This section deals with what to do once you’ve got some work. It can be a fine balance between being too accomodating (hence possibly being taked advantage of) and insisting on your rights at the expense of appearing to be too greedy. Most clients know that as a freelance composer you may well be desparate for the work – in spite of the fact that your highly paid and charismatic publicist (yourself) apperars to be representing the most talented and sought after composer in the world!

Identify The Client

1 – Producers

Often your first point of contact will be with a producer. You may meet many kinds of producers – executive, associate, line, assistant, assistant associate etc. These are mostly concerned with money and organisation – getting the money, working out efficient budgets and making sure everyone on the creative side can do their job within those budgets. The important thing to realise is that roles are often blurred and are often delegated so any of these may have some involvement in hiring you, negotiating with you and even discussing the creative aspect, although this should more properly be in the hands of the director (or if it’s a commercial, the creative team of copywriter and art director ).


Whether it be assistant producer, director or editor these can be more important than you think. They may be delegated a lot of responsibility. They may be inexperienced or they may be the ones actually running the show. Either way these could well be the producers and directors of the future. Or else their opinions may be sought at future meetings when discussing composers for the next production

2 – Directors

The director is probably the person who gives you the brief, and of course you should stick very closely to this. To avoid any future confusion, make sure you are either given the brief in writing, or you summarise it yourself in writing, then send a friendly email including this summary. With the best will in the world, people often forget what they said or change their minds – if this happens having the brief in writing can often stop an argument developing.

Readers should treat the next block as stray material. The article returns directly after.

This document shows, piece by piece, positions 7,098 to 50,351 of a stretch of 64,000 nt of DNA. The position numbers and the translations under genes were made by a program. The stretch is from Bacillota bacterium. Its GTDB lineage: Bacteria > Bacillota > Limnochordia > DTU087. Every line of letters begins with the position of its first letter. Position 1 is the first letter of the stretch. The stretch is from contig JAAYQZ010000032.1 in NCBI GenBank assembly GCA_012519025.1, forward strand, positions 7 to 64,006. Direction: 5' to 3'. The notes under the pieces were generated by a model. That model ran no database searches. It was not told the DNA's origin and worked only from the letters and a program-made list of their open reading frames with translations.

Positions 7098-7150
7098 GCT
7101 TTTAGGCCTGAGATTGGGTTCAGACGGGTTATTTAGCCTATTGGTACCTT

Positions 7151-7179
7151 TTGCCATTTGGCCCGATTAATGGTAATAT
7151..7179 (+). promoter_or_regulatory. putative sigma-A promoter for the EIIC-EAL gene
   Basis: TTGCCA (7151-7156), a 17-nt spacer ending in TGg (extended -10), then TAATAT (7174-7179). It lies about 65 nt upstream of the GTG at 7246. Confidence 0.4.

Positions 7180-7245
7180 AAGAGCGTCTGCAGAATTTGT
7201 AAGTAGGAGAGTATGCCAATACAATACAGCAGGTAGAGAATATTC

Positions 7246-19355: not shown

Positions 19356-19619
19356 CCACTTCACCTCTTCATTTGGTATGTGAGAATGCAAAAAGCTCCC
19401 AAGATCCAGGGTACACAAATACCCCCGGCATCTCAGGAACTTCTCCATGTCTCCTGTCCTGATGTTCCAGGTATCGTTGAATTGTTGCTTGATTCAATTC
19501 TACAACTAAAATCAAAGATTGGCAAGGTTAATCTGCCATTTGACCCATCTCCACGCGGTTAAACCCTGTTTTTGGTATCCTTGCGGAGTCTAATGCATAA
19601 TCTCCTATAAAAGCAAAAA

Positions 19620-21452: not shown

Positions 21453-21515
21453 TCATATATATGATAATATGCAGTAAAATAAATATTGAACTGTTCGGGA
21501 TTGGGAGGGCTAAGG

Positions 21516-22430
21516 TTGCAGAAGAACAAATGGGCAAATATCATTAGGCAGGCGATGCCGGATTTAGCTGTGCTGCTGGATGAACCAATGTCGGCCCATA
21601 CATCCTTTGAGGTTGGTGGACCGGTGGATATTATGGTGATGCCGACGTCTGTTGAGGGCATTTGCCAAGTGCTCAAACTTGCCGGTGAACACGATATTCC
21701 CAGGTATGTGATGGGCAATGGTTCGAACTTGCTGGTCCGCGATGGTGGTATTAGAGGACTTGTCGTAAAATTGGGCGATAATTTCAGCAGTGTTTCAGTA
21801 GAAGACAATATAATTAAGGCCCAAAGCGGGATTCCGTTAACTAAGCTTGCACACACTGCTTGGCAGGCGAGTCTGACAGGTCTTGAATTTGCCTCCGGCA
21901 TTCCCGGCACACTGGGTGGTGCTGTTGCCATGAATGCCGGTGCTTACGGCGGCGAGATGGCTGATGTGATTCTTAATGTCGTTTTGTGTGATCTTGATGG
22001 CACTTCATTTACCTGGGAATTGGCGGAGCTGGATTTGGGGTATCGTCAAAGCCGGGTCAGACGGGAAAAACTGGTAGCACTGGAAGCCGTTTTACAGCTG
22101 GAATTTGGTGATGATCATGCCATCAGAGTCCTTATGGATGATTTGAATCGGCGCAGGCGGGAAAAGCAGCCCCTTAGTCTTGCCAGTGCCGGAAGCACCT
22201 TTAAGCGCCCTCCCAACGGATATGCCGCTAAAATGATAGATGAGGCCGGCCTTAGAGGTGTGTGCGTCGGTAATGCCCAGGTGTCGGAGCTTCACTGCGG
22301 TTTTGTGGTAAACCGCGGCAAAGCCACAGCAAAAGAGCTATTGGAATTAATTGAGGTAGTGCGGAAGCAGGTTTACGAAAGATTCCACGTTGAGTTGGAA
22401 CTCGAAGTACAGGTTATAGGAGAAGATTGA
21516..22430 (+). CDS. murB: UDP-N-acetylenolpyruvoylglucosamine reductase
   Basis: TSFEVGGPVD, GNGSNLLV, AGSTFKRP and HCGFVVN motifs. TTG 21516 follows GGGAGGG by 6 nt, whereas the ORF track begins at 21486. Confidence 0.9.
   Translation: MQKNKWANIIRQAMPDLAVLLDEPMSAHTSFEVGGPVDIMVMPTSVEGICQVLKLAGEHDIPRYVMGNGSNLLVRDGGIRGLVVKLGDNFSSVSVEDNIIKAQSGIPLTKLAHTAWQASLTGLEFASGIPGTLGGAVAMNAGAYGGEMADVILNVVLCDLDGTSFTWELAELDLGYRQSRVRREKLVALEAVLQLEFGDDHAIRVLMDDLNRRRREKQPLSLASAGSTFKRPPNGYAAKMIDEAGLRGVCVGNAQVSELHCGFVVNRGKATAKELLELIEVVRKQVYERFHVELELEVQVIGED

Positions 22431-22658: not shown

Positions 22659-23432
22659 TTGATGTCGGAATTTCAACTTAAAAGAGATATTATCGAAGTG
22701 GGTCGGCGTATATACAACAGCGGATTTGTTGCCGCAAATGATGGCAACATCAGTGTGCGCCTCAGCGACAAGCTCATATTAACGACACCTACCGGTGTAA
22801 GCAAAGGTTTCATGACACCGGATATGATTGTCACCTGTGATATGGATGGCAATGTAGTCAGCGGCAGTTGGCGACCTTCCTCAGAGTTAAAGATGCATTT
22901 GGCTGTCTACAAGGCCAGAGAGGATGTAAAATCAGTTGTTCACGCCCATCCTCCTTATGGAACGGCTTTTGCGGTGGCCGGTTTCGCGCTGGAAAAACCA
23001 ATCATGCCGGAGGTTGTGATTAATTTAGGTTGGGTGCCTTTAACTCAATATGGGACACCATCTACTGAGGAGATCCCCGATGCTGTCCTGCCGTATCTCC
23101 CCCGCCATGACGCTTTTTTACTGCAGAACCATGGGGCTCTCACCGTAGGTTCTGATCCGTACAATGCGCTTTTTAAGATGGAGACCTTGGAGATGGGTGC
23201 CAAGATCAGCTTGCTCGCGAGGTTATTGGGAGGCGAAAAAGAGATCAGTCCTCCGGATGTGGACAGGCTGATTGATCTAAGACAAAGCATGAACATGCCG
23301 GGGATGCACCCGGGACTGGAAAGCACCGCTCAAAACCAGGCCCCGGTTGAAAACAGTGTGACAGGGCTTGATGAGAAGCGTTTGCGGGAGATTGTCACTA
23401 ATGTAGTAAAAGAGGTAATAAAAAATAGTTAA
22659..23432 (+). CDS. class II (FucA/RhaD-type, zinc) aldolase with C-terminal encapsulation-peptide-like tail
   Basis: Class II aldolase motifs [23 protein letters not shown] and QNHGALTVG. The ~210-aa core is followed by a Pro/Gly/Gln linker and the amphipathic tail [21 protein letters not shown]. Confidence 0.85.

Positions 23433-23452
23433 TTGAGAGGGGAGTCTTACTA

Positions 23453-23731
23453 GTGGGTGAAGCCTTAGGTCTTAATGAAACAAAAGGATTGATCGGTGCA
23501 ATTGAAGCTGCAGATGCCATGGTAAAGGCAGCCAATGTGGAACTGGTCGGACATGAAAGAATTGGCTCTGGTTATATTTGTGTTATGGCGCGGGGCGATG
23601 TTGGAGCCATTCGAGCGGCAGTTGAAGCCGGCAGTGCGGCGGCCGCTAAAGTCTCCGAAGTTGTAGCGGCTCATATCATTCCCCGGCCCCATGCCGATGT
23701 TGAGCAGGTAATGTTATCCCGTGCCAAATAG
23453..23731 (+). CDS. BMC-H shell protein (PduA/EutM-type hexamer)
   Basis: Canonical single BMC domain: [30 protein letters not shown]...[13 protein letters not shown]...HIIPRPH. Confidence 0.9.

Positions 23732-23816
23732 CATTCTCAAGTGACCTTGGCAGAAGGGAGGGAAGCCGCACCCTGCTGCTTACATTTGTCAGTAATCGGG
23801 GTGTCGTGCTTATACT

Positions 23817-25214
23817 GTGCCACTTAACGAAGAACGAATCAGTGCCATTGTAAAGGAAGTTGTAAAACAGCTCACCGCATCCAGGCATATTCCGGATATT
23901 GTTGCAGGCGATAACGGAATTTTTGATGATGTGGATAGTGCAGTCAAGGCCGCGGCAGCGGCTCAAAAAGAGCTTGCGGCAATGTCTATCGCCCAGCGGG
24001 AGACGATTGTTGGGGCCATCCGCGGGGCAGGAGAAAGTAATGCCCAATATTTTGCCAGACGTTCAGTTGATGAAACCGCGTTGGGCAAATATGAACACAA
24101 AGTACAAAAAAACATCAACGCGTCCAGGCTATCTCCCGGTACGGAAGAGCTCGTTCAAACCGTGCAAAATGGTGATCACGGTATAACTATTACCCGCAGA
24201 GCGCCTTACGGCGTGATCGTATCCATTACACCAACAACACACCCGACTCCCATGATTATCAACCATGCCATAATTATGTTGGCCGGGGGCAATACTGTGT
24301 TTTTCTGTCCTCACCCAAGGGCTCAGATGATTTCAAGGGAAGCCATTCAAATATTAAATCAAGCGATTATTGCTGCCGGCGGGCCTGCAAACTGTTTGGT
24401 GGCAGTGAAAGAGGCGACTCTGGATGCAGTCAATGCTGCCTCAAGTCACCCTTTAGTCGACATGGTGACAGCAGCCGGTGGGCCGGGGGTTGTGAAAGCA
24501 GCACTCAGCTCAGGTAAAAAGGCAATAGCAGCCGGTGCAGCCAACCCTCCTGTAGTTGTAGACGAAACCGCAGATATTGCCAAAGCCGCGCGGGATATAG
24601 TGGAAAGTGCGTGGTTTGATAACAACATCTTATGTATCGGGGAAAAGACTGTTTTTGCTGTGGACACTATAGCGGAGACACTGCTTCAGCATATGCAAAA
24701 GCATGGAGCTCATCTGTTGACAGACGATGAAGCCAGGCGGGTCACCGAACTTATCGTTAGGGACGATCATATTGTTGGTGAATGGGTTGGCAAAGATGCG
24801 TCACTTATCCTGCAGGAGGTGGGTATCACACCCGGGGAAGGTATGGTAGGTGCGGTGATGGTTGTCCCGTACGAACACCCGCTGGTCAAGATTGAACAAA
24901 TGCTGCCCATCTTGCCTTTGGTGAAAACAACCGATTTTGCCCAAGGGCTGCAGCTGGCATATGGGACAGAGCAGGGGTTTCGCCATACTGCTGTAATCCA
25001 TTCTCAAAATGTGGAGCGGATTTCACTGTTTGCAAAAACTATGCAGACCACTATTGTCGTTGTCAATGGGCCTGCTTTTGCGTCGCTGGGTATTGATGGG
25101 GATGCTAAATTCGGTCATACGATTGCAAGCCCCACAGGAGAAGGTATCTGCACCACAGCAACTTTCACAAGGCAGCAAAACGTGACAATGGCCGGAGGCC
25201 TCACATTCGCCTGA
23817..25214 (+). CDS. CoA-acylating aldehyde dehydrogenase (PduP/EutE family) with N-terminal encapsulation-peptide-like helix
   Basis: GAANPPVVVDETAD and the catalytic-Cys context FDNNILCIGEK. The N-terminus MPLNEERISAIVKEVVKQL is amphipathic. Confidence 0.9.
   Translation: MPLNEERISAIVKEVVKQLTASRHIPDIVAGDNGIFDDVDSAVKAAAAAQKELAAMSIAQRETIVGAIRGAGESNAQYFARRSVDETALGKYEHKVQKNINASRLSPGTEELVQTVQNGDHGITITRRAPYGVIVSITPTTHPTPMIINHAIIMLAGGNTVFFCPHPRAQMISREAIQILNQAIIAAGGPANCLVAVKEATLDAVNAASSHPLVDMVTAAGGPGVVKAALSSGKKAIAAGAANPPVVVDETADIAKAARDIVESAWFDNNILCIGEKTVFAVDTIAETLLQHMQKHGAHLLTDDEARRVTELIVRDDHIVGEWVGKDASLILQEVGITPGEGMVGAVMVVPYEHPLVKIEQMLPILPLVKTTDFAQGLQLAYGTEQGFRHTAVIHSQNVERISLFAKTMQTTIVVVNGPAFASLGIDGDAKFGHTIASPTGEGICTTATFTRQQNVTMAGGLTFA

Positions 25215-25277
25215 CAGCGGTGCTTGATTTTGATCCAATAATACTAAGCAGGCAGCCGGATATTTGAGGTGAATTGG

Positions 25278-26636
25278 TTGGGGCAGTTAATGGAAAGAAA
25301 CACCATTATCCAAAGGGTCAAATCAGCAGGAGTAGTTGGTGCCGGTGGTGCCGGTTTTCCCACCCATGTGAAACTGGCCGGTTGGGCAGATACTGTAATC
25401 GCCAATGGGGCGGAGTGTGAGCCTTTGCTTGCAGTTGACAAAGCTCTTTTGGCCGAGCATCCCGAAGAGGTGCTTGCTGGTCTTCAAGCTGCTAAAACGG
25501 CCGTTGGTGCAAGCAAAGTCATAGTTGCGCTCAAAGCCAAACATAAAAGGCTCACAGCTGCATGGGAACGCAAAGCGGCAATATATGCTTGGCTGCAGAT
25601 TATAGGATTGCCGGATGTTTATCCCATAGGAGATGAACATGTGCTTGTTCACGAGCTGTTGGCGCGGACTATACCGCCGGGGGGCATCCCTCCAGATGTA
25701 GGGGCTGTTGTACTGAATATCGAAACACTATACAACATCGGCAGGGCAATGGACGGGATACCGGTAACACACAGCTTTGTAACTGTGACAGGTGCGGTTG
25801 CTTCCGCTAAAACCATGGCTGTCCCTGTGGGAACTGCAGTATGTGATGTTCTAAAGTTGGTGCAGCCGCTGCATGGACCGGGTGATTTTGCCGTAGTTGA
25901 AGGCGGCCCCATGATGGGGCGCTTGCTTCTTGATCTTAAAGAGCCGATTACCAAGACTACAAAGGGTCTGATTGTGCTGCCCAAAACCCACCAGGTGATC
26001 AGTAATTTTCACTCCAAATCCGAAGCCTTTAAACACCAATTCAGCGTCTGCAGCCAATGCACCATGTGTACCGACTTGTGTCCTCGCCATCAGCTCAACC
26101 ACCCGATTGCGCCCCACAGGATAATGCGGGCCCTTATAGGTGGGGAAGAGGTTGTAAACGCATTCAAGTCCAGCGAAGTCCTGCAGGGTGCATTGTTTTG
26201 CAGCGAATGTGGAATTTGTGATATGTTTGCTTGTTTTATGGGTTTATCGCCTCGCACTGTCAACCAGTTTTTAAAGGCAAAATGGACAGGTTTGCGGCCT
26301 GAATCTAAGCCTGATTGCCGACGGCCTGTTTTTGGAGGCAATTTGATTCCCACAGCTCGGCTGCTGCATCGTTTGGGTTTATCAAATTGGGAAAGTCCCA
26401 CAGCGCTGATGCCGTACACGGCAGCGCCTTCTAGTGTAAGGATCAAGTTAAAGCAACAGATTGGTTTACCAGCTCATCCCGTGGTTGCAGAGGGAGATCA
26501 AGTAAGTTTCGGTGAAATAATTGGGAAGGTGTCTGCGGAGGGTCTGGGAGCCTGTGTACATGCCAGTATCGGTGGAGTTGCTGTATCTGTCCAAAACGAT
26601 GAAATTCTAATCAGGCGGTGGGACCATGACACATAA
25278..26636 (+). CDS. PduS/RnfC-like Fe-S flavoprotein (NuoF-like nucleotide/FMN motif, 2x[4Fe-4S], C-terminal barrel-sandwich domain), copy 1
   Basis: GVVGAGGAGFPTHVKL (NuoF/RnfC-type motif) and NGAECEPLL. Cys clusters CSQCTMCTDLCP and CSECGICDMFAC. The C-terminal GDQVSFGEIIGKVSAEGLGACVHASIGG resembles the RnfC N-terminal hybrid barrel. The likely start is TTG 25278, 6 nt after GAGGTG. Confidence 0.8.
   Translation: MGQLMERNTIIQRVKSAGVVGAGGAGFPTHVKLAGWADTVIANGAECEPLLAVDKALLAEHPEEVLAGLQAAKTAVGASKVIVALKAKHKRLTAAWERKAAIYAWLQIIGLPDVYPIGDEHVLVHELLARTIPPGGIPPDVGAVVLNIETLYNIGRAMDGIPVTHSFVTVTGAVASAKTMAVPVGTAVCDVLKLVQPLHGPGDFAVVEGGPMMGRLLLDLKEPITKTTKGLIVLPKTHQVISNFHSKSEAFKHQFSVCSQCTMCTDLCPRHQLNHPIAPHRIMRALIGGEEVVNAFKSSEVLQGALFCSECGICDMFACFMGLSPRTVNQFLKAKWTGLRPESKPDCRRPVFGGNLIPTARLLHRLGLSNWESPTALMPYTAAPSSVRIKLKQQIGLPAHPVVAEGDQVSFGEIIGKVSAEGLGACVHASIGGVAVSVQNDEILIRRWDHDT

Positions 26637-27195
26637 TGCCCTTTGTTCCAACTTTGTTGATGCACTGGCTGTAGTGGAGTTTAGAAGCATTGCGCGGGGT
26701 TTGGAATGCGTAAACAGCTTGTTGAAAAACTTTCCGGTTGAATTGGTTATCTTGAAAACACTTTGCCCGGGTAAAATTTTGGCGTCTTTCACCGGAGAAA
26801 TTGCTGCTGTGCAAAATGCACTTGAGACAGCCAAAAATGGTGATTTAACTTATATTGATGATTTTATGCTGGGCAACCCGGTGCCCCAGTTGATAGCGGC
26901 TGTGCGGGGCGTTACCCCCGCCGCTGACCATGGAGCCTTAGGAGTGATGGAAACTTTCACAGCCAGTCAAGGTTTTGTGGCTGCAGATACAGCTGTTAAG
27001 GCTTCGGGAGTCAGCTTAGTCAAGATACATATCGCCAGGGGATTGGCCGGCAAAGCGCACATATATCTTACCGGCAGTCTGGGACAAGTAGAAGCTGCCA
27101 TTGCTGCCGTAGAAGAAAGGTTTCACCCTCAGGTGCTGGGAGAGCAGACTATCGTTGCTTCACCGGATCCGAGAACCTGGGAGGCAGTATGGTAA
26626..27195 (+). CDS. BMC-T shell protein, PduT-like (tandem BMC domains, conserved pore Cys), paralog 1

3 – Editors

Another person who can be extremely valuable to you is the editor. You probably won’t meet the editor until the end (and it is a good idea to volunteer to go to the music dubbing session even if you aren’t contracted to do so). Many editors know more about music than directors. They spend all day every day cutting music in and out of pictures. Inexperienced directors end up relying on the editor to know what works, and even experienced directors and producers appreciate the editor’s experience and may ask them advice at the very early stages about music and composers so  be nice to the editor

Decide on Your Approach

There are two types of client, they either seem to be very professional and able to give a meaningful and unambiguous brief or else they seem to be complete half wits. Your first job is to work out which one they are so you know how to deal with them. Usually you will be having one or two initial meetings, and even if a meeting is not required it’s worth making the effort to arrange one – it will help you get to know which type you are dealing with.